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When Deals Fall Apart: Unraveling the Secret to Why Negotiations Fail

— When Deals Fall Apart: Unraveling the Secret to Why Negotiations Fail

Failures in negotiation may mean different things to different people. 

It could refer to failing to reach an agreement. It could also mean making a deal that doesn’t live up to its potential or desired outcome. For instance, if you make a deal that you later regret or one that’s too weak to last, these could be considered failures.

But why do these negotiation failures happen in business?

We’ll give you some reasons why negotiations tend to fail, how you can combat that, and who can help you gain the ultimate negotiation skills to prevent failure from becoming an option.

Why Do Negotiations Fail?

A good negotiator comes into a situation with the intent of reaching a deal, regardless of what they are negotiating for. You wouldn’t be negotiating with the other party if there wasn’t desire on both sides to come to an agreement. So why do some negotiations fail? We’ll give you the short answer, and then go into more detail for the long answer.

The Short Answer

The simplistic answer for why many negotiations feel is that the set price doesn’t work But there’s really much more to it than that. In larger, complex deals with many moving parts, price is just one element.

The Long Answer

What’s important to understand is when you get to the negotiation phase of the deal, for all intents and purposes, the sale is done. The only question is making a deal that both sides are happy with.

If an agreement isn’t reached and a deal doesn’t happen, it’s not because there wasn’t enough desire on your part. It’s because both sides failed to reach common ground.

This is something that a lot of people confuse. When they hit a roadblock in negotiation, their first instinct is to think that they haven’t done a good enough job selling their solution to the customer, and that’s why they’re getting pushback.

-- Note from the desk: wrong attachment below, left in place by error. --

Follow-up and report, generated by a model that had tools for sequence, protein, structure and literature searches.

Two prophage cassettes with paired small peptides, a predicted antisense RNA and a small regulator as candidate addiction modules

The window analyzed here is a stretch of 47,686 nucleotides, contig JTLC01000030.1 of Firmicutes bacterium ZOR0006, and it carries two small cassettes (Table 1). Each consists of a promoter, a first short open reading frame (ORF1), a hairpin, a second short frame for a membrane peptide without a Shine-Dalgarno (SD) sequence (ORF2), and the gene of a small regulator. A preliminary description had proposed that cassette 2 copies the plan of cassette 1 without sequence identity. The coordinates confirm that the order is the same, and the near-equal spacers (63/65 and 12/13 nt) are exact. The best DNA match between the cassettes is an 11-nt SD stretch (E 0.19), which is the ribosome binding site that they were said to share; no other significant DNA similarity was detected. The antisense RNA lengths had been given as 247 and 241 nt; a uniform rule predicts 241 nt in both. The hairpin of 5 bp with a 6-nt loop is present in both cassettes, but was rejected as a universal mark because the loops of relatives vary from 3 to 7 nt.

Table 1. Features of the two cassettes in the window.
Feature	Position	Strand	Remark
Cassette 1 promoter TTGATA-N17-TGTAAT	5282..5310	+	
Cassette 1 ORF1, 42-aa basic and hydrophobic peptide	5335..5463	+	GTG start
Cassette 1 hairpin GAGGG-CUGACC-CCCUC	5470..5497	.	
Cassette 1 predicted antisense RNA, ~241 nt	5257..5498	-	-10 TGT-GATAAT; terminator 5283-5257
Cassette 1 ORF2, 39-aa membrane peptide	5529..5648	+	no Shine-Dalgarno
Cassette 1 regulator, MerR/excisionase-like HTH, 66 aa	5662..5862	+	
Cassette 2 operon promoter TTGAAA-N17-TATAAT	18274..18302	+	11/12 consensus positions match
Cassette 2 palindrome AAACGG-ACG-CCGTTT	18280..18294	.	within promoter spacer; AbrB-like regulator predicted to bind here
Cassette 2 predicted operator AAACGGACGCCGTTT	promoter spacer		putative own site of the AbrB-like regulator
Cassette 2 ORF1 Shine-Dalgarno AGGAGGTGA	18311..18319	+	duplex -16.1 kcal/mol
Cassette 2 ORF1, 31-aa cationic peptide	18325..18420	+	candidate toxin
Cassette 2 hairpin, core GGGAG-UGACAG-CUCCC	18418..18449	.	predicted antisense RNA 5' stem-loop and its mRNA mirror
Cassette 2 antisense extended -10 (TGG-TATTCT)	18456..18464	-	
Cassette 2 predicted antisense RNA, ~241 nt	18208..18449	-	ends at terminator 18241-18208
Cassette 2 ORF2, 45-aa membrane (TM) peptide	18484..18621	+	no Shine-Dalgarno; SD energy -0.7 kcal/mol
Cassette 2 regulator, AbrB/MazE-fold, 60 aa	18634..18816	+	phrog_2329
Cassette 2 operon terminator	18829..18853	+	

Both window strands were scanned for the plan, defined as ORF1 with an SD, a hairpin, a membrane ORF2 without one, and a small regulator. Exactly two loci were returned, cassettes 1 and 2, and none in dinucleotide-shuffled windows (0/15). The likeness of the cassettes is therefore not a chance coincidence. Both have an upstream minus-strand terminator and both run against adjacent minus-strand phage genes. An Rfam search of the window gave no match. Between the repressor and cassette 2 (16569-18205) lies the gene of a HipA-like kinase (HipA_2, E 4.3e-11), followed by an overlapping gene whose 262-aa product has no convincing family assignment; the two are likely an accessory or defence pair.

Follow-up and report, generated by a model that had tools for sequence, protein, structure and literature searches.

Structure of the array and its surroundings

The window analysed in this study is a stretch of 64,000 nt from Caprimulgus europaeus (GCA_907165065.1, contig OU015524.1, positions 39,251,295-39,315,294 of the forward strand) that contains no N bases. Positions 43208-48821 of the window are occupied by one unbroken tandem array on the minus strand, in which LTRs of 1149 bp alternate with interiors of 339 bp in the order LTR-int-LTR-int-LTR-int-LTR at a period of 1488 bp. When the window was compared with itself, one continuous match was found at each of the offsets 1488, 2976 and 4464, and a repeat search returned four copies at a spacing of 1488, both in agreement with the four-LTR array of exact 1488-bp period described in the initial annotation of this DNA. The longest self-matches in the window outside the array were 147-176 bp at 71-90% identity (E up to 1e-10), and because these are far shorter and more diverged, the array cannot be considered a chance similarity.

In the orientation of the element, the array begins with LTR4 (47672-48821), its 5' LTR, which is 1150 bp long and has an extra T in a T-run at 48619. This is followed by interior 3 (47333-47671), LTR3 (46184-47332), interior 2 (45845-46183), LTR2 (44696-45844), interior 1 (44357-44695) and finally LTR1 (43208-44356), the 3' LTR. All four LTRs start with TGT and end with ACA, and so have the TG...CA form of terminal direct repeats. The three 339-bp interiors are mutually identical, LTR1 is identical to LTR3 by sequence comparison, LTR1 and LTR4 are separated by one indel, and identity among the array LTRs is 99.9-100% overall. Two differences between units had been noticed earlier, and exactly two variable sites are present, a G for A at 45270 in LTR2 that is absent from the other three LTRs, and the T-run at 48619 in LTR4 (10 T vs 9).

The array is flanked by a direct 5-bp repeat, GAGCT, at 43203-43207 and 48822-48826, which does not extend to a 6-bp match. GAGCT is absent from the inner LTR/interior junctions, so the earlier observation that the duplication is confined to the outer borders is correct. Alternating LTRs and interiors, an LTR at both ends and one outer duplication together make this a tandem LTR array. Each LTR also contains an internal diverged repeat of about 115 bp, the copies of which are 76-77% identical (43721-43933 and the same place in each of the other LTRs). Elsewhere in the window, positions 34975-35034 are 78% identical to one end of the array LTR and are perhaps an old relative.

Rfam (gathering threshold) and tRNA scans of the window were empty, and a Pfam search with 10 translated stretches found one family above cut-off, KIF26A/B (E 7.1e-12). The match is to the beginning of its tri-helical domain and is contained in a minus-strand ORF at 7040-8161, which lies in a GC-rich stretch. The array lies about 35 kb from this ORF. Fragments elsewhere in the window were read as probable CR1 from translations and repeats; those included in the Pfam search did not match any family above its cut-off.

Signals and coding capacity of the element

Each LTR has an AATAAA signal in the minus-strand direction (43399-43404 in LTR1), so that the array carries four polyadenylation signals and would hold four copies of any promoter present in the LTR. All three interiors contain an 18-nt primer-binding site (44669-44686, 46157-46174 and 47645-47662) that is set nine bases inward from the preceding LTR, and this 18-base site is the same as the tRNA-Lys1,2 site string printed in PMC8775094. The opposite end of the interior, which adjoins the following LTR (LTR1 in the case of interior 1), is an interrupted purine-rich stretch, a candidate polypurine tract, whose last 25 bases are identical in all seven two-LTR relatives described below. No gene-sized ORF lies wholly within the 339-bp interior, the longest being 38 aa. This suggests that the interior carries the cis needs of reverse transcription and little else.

In truth, more often than not, you’ve already made them sure of what they need. They wouldn’t be negotiating if you hadn’t already convinced them of that.

First and foremost, deals fail because people don’t realize why they’re failing. They tend to go back into “salesman mode” and really dig in to try to convince the other party why they need this solution.

But the other party doesn’t care why you think they need this. They’re already aware of this information. What you aren’t doing is solving the real reason why you’ve reached an impasse in the negotiation. The problem is that you didn’t ask the right questions to discover what the real challenges are and why you’re getting hung up.

Negotiations may fail when we don’t have the proper perspective of the other party. Perhaps we haven’t put ourselves in their shoes to understand their thought processes and the challenges they’re facing. You need to find out how you can essentially “scratch their itch.”

You can boil all the reasons down to being myopic and narrow-focused, meaning we only see the deal from our point of view. If you try to gain perspective and look at it from the other side, you have a lot more to work with. 

If you don’t look at things from the perspective of the other side, you’ll always be rowing upstream. 

3 Reasons Why Negotiations Fail

So, we’ve discussed in detail the general reason why negotiations fail. Now let’s take a closer look at some of the specific things that may occur on one or both sides of the discussion that lead to an unsuccessful negotiation.